The duo came up with a new communication system with the intention of it guiding torpedoes to their targets in war. The system involved the use of “frequency hopping” amongst radio waves, with both transmitter and receiver hopping to new frequencies together. Doing so prevented the interception of the radio waves, thereby allowing the torpedo to find its intended target. After its creation, Lamarr and Antheil sought a patent and military support for the invention. While awarded U.S. Patent No. 2,292,387 in August of 1942, the Navy decided against the implementation of the new system. The rejection led Lamarr to instead support the war efforts with her celebrity by selling war bonds. Lamarr became an American citizen in April 1953.


Despite Lamarr’s efforts, her patent expired, and she never even saw a penny from it. She continued her acting career until 1958. It wasn’t until Lamarr’s later years that she received any awards for her invention. The Electronic Frontier Foundation jointly awarded Lamarr and Antheil with their Pioneer Award in 1997. Lamarr also became the first woman to receive the Invention Convention’s Bulbie Gnass Spirit of Achievement Award.


Unfortunately, Lamarr died in 2000, but she was inducted into the National Inventors Hall of Fame for the development of her frequency hopping technology in 2014. This achievement has led Lamarr to be dubbed “the mother of Wi-Fi” along with other wireless communications like the GPS and Bluetooth.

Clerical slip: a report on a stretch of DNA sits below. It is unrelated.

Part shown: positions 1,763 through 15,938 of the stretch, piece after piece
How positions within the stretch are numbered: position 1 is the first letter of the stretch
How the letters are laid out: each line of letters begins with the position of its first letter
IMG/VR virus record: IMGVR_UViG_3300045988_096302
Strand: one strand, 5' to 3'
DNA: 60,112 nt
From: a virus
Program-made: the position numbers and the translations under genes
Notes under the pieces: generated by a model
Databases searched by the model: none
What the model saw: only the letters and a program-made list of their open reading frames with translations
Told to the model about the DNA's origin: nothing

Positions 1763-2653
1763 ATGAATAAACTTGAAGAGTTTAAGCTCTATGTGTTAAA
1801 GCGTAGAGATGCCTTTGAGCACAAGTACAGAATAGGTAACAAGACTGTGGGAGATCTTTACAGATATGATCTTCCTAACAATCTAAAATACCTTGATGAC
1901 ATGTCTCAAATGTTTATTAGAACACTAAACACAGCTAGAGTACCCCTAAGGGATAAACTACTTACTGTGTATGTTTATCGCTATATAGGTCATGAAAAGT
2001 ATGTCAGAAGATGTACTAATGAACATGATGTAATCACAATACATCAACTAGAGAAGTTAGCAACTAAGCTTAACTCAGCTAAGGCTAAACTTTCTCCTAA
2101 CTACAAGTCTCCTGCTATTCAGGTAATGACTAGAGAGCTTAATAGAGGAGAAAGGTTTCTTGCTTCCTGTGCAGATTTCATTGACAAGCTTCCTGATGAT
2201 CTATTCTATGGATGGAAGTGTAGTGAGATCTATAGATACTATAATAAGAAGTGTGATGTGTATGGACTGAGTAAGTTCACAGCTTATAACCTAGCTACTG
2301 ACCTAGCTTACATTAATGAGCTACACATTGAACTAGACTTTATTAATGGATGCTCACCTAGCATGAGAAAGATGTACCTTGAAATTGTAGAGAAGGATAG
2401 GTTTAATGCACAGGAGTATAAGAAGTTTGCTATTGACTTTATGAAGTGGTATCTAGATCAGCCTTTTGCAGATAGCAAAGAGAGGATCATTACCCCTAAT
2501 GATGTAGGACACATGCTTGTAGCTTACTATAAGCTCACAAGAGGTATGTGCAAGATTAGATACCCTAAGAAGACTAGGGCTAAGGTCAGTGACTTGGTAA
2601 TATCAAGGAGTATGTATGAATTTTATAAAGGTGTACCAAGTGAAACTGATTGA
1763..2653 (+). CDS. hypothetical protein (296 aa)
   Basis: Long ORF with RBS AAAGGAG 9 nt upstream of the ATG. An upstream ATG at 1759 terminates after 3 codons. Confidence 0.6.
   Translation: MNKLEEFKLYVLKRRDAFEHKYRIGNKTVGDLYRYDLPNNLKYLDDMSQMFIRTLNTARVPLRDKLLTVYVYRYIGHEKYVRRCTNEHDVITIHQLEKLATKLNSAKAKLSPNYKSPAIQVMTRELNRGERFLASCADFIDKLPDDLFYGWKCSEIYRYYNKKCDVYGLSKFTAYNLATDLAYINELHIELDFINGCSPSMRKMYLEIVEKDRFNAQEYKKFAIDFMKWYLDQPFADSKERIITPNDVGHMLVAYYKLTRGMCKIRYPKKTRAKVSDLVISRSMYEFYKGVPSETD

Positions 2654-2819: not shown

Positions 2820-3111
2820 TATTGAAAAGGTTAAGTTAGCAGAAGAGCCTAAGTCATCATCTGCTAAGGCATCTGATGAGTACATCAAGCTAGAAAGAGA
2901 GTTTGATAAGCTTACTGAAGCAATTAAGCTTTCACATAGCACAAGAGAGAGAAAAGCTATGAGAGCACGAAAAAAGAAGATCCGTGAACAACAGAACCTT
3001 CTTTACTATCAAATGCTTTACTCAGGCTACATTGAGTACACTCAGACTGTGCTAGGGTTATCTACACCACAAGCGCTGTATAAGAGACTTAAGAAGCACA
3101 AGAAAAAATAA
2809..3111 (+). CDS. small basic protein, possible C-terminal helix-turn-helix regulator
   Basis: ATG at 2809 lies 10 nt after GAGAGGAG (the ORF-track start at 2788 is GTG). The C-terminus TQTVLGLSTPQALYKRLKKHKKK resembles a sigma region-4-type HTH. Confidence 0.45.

Henrietta Lacks

Henrietta Lacks was born in 1920 in Virginia. Lacks was one of a diverse group of patients who unknowingly donated cells at Johns Hopkins Hospital in 1951.


On January 29, 1951, Lacks went to Hopkins to diagnose abnormal pain and bleeding in her abdomen. Physician Howard Jones quickly diagnosed her with cervical cancer. During her subsequent radiation treatments, doctors removed two cervical samples from Lacks without her knowledge. She died at Johns Hopkins on October 4, 1951, at the age of 31. Henrietta’s cells were the first immortal human cells ever grown in culture


The cells from Lack’s tumor made their way to the laboratory of researcher Dr. George Otto Gey. The doctor noticed an unusual quality in the cells. Unlike most cells, which survived only a few days, Lack’s cells were far more durable. Gey isolated and multiplied a specific cell, creating a cell line. He dubbed the resulting sample “HeLa”, derived from her name, Henrietta Lacks.


The HeLa strain revolutionized medical research. Jonas Salk used the HeLa strain to develop the polio vaccine -one of the first vaccines, sparking mass interest in the cells. As demand grew, scientists cloned the cells in 1955.


Since that time, over ten thousand patents involving HeLa cells have been registered. Researchers have used the cells to study disease and to test human sensitivity to new products and substances.